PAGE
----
In most cases, the best person to provide a reference for your MRes application would be an academic advisor or tutor who has taught or worked with you during your undergraduate level studies. This is because academic staff are the best placed to be able to comment on your subject-specific abilities and potential to succeed at postgraduate level. It is also important that your referee/s can vouch for your independent study skills and research abilities, as these will be of particular importance on an MRes course.

Step 4. Write your personal statement

Your personal statement is an important part of your MRes application because it is your first chance to show that you are the best candidate for a place on your chosen course.
Unlike during the undergraduate application process, where you are only allowed to submit one personal statement that is then sent to every university via UCAS, postgraduate personal statements can be personalised to each university. This means that universities will expect to see more research into your chosen course along with your motivations for studying there (as opposed to any other university) and how the course aligns with your future goals.

Our guide to writing a Master’s personal statement gives detailed stages and top tips on how to stand out to even the most competitive universities. Click the button below to read it for free:

How to Write a Master’s Personal Statement

You can also access more personalised, one-to-one support with your postgraduate personal statement by reaching out to our admissions team today. Our network of tutors have a more than 90% success rate of helping students receive offers from their first and second choice universities so are best placed to give you the expert guidance you need.

Joe’s tip: Unlike MBAs, which are more professionally tailored degrees, and MAs and MScs, which can lead to a wide range of career options, MRes courses are often tailored to further study (i.e. PhDs) or careers in research. As a result, you should make sure that you are demonstrating your independent research skills in your personal statement. Include any examples of research you have worked on, such as your dissertation and relevant coursework, and any other projects you’ve been involved in.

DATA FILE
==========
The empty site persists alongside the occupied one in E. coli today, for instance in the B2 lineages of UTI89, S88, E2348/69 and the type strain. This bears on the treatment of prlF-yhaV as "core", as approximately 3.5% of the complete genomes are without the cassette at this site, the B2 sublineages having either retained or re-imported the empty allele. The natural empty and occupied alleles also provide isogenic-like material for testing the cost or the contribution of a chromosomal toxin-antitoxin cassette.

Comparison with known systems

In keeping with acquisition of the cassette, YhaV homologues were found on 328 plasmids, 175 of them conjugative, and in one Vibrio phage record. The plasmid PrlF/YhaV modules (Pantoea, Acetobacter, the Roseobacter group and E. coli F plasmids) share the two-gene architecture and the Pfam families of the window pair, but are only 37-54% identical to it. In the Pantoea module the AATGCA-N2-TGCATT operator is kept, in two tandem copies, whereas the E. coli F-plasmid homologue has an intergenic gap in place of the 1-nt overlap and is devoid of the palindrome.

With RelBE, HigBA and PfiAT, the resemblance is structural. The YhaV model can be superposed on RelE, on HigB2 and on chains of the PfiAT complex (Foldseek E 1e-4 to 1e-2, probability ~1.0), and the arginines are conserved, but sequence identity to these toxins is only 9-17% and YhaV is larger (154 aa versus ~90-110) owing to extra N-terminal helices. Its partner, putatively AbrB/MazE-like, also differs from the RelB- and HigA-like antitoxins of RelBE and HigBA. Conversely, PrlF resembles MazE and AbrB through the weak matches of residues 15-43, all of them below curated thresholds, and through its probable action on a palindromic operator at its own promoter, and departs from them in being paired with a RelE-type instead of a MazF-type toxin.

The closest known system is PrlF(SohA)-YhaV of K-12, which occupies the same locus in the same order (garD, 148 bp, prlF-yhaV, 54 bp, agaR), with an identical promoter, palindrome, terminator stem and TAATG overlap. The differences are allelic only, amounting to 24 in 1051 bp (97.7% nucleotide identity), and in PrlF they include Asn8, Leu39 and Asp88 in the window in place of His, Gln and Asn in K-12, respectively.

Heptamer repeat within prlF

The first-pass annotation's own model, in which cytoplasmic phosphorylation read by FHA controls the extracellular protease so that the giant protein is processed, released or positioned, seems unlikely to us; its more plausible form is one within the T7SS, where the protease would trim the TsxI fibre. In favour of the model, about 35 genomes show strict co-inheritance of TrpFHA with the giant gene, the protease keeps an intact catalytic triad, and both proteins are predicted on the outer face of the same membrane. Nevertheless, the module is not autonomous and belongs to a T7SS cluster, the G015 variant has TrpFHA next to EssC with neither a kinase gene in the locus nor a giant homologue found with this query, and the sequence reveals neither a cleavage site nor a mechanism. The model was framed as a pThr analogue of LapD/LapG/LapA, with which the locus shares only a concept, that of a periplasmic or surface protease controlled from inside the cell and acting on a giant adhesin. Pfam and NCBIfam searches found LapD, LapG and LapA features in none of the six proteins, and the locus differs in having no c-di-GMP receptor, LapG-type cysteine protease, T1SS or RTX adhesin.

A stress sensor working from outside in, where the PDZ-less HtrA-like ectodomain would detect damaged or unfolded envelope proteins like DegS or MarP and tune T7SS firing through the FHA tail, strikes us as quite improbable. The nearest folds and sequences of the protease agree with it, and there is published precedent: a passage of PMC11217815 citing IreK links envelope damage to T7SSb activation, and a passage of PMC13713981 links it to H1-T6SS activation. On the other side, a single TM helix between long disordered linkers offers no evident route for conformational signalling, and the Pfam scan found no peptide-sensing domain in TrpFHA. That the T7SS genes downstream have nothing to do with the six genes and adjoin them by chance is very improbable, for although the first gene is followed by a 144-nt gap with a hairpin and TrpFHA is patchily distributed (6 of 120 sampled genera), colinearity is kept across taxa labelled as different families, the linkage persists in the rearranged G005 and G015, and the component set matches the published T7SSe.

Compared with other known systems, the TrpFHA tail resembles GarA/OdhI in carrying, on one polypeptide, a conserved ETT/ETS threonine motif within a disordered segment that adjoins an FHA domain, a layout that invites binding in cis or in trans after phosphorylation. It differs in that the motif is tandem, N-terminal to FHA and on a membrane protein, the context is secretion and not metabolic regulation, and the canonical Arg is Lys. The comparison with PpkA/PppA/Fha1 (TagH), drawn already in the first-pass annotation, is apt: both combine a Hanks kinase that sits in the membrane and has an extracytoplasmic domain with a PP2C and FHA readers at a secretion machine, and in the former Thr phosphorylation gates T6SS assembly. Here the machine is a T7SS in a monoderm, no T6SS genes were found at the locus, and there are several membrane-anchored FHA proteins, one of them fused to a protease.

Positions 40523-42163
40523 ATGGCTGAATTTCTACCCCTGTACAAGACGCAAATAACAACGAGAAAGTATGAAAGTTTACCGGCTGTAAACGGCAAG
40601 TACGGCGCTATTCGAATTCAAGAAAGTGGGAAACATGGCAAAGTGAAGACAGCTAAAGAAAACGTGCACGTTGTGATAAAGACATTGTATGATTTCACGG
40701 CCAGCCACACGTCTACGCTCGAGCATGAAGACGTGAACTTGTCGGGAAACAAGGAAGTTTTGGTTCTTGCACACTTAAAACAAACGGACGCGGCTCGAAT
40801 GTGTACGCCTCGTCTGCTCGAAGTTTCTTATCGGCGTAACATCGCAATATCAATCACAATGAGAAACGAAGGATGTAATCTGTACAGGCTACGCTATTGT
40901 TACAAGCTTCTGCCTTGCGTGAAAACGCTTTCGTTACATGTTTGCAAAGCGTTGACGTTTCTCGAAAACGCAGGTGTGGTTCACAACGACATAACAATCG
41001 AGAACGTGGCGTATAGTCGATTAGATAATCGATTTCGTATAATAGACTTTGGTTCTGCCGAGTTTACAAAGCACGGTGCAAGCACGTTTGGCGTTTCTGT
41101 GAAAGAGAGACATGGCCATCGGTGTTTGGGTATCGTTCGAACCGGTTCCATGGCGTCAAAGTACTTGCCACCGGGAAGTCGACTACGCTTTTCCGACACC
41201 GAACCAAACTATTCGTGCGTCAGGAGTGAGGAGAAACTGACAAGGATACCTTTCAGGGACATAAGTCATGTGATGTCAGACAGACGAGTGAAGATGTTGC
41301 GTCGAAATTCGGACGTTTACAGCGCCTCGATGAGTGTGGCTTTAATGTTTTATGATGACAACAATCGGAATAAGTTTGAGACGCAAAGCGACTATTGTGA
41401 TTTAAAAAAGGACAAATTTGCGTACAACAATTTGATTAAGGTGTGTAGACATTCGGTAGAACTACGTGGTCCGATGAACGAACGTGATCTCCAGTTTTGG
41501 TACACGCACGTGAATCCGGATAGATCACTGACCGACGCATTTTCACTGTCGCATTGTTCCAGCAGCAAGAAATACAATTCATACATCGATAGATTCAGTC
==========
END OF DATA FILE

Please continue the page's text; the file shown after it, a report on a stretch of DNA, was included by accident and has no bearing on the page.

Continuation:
Additional written work

Some universities require applicants to submit additional written work as well as – or instead of – a personal statement. Usually, universities will provide specific questions relating to your prior experience and/or career goals for you to answer within a set word count. Some universities will instead ask you to provide written work without set questions, such as sample essays.

Step 5. Submit your application

In most cases, you will submit your MRes application directly to your chosen university via the online applicant portal you are registered with. Before you submit your application, it’s important to have a friend, family member, or ideally an admissions expert review it. This not only helps to ensure your application is free of grammatical or spelling errors – which can detract from your amazing skills and experience if left unchecked – but also allows you to make any changes that will maximise your chances of success.

Step 6. Prepare for your interview

Some MRes courses interview applicants as part of the admissions process. Whether you have previous interview experience or not, the structure of a postgraduate interview is unique and will probably be unfamiliar to you. It’s therefore important to know which type of interview you will be facing and how you can best prepare for it.

There are three main types of postgraduate interviews: online video interviews (such as Kira Prep), interviews with admissions staff, and interviews with university alumni. Our helpful guide to preparing for a postgraduate interview gives more information on each as well as offering top tips on how to prepare. You can read the guide via the button below:

How to Prepare for a Postgraduate Interview

When will you find out if you have received an offer?

Each university’s MRes admissions process includes slightly different deadlines and stages, so there’s no one date by which you will find out the result of your application. As such, you will need to check with each university directly.